Bone Mineral Density, Fracture Risk, and Kidney Dysfunction in HIV
In a study that included mostly HIV positive men, 42%
were found to have low bone mineral density (BMD) and
7% had evidence of kidney dysfunction, researchers reported
in the December
1, 2009 Journal of Infectious Diseases. Use
(Viread, also in the Truvada
combination pills) was linked to kidney impairment and
increased bone turnover, but not to low BMD.
studies have assessed bone loss in people with HIV, but results
have not been consistent. Most have shown that HIV
positive people overall have decreased BMD, but it is still
not clear whether this is attributable to HIV infection itself,
(ART), or both. Likewise, the role of proximal renal tubular
dysfunction (PRTD) -- a type of kidney impairment -- and alterations
in bone metabolism in this population are not fully understood.
Calmy from St. Vincent's Hospital in Sydney, Australia, and colleagues
measured BMD using dual-energy x-ray absorptiometry (DEXA), blood
and urine markers of bone metabolism and kidney function, and
risk factors for low BMD (hip or spine T score <-1).
They then analyzed factors associated with low BMD and calculated
10-year fracture risk using the World Health Organization's FRAX
study included 153 adults in an ambulatory care setting. Almost
all (98%) were men, the median age was 48 years, and the median
body mass index was 24.5. Overall, participants had well controlled
HIV disease, with a median CD4 count > 500 cells/mm3 and 83%
having undetectable HIV RNA. With regard to ART, 44% were taking
tenofovir and 53% were using boosted
protease inhibitor-based regimens.
of study participants had low BMD, 16% had bone loss extensive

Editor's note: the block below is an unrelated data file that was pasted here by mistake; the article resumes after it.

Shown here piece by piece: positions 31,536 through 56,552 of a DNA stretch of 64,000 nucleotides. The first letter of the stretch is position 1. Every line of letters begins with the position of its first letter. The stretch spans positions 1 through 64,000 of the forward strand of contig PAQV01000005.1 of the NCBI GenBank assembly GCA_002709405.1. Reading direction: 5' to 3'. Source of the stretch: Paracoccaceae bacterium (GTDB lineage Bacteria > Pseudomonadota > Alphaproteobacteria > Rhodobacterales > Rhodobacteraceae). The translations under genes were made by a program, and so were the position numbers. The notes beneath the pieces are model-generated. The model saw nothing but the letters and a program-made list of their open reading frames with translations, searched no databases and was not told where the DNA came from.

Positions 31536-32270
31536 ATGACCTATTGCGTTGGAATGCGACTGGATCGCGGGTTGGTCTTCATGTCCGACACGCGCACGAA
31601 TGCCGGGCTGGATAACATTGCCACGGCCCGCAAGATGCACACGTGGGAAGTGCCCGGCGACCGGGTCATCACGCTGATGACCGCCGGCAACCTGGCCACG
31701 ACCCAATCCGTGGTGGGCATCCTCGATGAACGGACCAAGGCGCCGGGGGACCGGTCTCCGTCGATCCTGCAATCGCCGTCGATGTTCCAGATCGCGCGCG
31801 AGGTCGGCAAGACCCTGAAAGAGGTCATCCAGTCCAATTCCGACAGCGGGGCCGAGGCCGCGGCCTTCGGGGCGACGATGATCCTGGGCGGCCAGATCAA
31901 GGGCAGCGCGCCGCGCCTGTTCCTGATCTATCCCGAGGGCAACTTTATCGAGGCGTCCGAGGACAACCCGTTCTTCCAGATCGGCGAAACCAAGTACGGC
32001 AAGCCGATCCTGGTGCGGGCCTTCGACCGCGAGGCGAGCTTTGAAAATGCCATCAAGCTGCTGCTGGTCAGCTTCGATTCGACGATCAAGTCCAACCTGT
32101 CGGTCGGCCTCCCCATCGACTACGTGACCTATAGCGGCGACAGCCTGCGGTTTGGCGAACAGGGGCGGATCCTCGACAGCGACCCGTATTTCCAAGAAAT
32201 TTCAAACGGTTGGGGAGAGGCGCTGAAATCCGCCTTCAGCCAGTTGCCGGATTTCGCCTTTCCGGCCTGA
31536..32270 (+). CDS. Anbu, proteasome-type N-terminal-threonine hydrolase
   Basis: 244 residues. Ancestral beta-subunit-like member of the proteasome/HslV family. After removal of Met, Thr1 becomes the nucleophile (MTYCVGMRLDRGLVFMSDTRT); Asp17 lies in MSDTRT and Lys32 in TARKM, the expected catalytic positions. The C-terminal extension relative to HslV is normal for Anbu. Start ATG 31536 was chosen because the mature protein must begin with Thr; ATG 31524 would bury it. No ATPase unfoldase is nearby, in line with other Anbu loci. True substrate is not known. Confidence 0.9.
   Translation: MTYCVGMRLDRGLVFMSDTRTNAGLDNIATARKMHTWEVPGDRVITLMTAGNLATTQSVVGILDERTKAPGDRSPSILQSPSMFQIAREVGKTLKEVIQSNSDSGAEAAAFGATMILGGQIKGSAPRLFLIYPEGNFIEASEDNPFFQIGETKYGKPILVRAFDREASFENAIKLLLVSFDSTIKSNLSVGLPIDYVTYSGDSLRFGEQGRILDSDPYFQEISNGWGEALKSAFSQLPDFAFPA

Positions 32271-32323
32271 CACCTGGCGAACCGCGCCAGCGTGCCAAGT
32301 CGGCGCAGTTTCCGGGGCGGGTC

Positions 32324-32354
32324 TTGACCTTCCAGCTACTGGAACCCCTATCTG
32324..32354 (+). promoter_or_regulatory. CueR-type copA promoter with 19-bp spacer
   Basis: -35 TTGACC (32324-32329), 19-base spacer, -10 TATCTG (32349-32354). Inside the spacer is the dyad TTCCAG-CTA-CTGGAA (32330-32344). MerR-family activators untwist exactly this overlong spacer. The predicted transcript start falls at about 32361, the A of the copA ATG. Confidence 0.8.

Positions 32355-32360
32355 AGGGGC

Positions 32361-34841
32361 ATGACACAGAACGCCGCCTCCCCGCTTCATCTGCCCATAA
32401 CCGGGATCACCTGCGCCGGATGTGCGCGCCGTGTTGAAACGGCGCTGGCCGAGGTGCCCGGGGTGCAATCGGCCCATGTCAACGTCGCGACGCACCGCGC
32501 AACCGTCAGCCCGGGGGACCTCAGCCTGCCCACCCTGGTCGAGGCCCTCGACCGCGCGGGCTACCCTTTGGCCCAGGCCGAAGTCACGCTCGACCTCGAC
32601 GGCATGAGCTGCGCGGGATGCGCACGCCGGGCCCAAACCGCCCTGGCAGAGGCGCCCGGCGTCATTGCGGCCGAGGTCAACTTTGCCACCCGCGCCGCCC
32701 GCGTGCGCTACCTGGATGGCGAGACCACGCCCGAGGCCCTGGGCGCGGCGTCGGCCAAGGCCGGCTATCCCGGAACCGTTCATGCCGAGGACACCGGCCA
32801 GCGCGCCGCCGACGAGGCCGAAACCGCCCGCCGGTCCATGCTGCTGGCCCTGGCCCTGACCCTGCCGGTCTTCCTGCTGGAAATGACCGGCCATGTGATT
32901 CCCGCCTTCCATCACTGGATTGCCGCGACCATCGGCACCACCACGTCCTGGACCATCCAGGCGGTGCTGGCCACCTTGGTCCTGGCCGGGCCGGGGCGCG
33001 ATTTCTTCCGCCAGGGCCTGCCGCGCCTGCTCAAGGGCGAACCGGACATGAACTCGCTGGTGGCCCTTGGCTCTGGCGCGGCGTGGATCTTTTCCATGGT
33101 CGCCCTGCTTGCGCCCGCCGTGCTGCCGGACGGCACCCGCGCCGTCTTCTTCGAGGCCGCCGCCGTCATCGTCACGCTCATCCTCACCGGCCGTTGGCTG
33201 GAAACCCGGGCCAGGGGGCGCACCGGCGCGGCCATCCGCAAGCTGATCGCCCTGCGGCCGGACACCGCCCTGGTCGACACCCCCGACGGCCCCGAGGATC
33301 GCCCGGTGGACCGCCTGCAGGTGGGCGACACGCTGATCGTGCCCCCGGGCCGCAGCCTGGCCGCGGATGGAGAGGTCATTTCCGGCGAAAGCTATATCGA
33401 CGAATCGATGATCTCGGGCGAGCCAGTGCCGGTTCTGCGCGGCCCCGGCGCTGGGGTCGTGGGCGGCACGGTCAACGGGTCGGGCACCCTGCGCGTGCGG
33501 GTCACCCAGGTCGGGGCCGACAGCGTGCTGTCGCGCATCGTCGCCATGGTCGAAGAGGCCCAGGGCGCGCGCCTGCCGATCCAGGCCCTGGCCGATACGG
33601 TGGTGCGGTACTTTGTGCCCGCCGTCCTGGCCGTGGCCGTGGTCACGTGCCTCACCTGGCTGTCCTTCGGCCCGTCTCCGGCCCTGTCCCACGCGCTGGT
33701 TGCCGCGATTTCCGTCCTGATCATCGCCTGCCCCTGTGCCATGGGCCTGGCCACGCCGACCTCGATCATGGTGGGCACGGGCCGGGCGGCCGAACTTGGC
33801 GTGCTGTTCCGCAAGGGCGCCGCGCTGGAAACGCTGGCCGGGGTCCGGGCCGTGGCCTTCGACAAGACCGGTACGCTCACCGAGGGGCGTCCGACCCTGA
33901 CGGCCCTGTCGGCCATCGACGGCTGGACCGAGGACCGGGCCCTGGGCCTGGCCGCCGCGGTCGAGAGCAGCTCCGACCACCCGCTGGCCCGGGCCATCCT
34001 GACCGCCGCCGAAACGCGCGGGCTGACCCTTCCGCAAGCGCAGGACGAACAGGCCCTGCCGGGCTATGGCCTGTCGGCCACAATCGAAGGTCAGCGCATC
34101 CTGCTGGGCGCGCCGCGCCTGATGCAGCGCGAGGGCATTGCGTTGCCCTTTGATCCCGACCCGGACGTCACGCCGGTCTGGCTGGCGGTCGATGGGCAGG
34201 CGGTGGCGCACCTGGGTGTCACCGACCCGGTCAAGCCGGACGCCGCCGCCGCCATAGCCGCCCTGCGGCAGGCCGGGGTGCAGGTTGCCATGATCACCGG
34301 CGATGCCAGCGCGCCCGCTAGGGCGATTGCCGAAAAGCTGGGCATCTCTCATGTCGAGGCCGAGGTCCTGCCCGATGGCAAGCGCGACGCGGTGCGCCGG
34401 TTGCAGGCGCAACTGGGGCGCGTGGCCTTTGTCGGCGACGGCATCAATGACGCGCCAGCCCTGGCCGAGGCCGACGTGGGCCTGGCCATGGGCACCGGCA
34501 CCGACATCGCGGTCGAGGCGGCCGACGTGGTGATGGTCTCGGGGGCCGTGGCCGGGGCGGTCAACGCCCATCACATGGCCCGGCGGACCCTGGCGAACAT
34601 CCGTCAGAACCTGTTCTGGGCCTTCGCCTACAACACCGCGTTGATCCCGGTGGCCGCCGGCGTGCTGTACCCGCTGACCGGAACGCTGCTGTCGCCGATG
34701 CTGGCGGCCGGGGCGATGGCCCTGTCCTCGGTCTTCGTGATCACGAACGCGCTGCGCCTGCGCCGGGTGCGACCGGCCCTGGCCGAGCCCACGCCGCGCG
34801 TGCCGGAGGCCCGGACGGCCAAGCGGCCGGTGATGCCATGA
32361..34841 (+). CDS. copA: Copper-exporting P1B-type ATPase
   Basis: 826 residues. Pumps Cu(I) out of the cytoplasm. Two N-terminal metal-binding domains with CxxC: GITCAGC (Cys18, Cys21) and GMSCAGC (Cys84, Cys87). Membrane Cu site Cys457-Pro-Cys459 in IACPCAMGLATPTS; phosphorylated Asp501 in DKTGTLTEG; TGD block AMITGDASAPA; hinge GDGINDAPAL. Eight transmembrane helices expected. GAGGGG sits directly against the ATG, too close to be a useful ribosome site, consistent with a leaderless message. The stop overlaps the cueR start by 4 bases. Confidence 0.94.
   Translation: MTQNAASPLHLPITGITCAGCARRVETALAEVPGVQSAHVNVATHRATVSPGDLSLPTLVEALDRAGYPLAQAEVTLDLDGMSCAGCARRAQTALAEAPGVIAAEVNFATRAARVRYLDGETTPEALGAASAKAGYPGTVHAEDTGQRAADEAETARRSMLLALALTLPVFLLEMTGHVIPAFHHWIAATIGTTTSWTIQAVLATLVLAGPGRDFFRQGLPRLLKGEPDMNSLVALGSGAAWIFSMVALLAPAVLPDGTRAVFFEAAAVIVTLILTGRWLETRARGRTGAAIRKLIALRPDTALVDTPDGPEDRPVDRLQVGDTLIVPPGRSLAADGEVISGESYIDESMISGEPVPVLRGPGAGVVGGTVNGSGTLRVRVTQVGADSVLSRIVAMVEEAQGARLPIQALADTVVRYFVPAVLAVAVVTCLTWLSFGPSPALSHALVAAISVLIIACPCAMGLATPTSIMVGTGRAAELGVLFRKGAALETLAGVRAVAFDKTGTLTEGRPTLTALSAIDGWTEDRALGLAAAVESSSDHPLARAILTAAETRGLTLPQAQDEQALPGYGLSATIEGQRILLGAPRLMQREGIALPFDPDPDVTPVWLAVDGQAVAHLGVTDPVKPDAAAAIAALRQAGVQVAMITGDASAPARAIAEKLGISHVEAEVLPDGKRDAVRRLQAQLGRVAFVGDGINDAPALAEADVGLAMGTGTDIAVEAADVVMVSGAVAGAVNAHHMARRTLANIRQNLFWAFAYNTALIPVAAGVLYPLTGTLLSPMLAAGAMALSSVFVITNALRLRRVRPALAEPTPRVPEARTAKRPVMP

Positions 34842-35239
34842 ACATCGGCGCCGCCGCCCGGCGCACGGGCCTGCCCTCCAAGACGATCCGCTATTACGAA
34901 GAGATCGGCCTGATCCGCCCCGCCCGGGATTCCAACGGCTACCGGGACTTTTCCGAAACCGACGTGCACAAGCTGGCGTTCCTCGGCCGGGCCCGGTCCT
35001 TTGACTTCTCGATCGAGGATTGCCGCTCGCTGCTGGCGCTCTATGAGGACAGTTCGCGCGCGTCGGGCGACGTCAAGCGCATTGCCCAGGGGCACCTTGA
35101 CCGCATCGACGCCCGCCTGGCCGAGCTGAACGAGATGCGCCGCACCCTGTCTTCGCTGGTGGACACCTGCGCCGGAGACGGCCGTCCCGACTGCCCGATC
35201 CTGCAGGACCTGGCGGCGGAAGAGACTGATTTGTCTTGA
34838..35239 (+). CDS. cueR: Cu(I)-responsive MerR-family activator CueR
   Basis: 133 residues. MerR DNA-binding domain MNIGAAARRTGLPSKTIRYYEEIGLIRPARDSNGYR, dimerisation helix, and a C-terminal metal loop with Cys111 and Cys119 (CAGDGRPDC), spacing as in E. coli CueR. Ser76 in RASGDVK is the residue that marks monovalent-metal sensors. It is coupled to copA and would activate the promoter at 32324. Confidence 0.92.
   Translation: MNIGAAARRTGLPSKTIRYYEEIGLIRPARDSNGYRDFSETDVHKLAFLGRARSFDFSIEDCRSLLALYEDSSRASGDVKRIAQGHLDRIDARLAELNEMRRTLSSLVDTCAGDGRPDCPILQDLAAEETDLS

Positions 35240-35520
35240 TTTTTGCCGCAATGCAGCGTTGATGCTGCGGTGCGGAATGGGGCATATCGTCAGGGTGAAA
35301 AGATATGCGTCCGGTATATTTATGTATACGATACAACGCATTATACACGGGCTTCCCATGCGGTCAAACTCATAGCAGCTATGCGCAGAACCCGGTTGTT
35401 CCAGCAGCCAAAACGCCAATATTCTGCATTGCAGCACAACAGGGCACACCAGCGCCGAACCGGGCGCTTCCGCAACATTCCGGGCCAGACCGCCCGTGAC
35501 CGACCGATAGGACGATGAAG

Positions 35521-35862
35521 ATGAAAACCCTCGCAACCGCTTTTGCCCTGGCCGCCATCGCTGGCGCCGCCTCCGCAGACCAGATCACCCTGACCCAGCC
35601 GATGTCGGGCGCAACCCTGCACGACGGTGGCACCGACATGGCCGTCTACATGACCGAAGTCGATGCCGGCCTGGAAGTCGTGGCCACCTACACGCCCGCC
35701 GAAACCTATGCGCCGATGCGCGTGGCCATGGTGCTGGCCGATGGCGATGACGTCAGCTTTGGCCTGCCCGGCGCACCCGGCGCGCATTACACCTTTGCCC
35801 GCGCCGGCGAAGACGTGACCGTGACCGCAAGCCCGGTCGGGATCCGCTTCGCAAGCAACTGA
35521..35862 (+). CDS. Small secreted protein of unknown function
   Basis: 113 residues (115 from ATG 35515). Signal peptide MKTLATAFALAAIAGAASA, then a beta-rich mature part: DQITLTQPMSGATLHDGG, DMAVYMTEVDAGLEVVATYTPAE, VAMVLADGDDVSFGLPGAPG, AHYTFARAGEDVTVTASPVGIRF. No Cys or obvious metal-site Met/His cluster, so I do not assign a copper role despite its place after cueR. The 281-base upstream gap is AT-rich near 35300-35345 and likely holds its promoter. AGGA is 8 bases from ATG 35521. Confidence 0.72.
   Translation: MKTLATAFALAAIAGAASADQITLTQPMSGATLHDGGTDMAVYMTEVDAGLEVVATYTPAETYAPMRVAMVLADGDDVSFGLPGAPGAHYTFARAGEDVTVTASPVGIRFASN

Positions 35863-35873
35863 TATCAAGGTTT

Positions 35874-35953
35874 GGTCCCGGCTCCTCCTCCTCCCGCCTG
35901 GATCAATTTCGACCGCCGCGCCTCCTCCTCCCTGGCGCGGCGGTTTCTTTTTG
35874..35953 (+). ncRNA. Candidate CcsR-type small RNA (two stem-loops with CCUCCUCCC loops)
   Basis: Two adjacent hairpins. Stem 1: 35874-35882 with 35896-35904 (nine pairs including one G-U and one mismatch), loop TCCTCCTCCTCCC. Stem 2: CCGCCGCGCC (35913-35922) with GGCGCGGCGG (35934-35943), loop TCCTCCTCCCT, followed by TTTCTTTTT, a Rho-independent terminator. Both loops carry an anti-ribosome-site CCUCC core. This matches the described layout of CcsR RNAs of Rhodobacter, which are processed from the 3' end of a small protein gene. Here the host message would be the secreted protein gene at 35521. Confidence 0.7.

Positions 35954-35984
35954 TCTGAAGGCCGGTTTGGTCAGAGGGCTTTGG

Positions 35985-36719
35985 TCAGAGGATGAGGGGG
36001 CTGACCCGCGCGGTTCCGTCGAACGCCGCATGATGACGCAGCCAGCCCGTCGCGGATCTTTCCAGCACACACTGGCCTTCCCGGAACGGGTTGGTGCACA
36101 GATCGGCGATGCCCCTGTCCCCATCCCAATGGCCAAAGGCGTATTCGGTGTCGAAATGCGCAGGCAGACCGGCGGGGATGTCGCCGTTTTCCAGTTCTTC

enough to require bisphosphonate treatment, and 4% had osteoporosis
(severe bone mineral depletion).
of patients had proximal renal tubular dysfunction.
dysfunction was significantly associated with longer duration
of HIV infection, longer exposure to tenofovir, use of boosted
protease inhibitors, and lower body mass index.
a multivariate analysis controlling for other factors, low
BMD was linked to use of boosted protease inhibitors (odds
ratio 2.69), while higher testosterone level was protective
against bone loss.
of tenofovir did not predict decreased BMD, but it was significantly
associated with increased markers of osteoblast and osteoclast
activity, indicating bone turnover (the process of absorption
and rebuilding of bones).
estimated 10-year risks were 1.2% for hip fractures and 5.4%
for any major fracture due to osteoporosis.
Based on these findings, the study authors concluded, "In
this mostly male population, low BMD was significantly associated
with protease inhibitor therapy."
"Tenofovir recipients showed evidence of increased bone turnover,"
they continued. "Measurement of BMD and estimation of fracture
risk may be warranted in treated HIV-infected adults."
Given that participants mostly had well controlled HIV disease,
undetectable viral load, and high CD4 cell counts, they suggested,
"it is difficult to conclude that HIV replication and disease
severity are important contributors to the observed low bone mineral
density in our population."
Immunology and Infectious Diseases Unit and Centre for Applied
Medical Research, St Vincent's Hospital, Garvan Institute for
Medical Research, and National Centre in HIV Epidemiology and
Clinical Research, University of New South Wales, Sydney, Australia;
HIV Unit, Geneva University Hospital, Geneva, and University Clinic
for Infectious Diseases and University of Berne, Switzerland.
Calmy, CA Fux, R Norris, and others. Low bone mineral density,
renal dysfunction, and fracture risk in HIV infection: a cross-sectional
study. Journal of Infectious Diseases 200(11): 1746-1754 (Abstract).
December 1, 2009.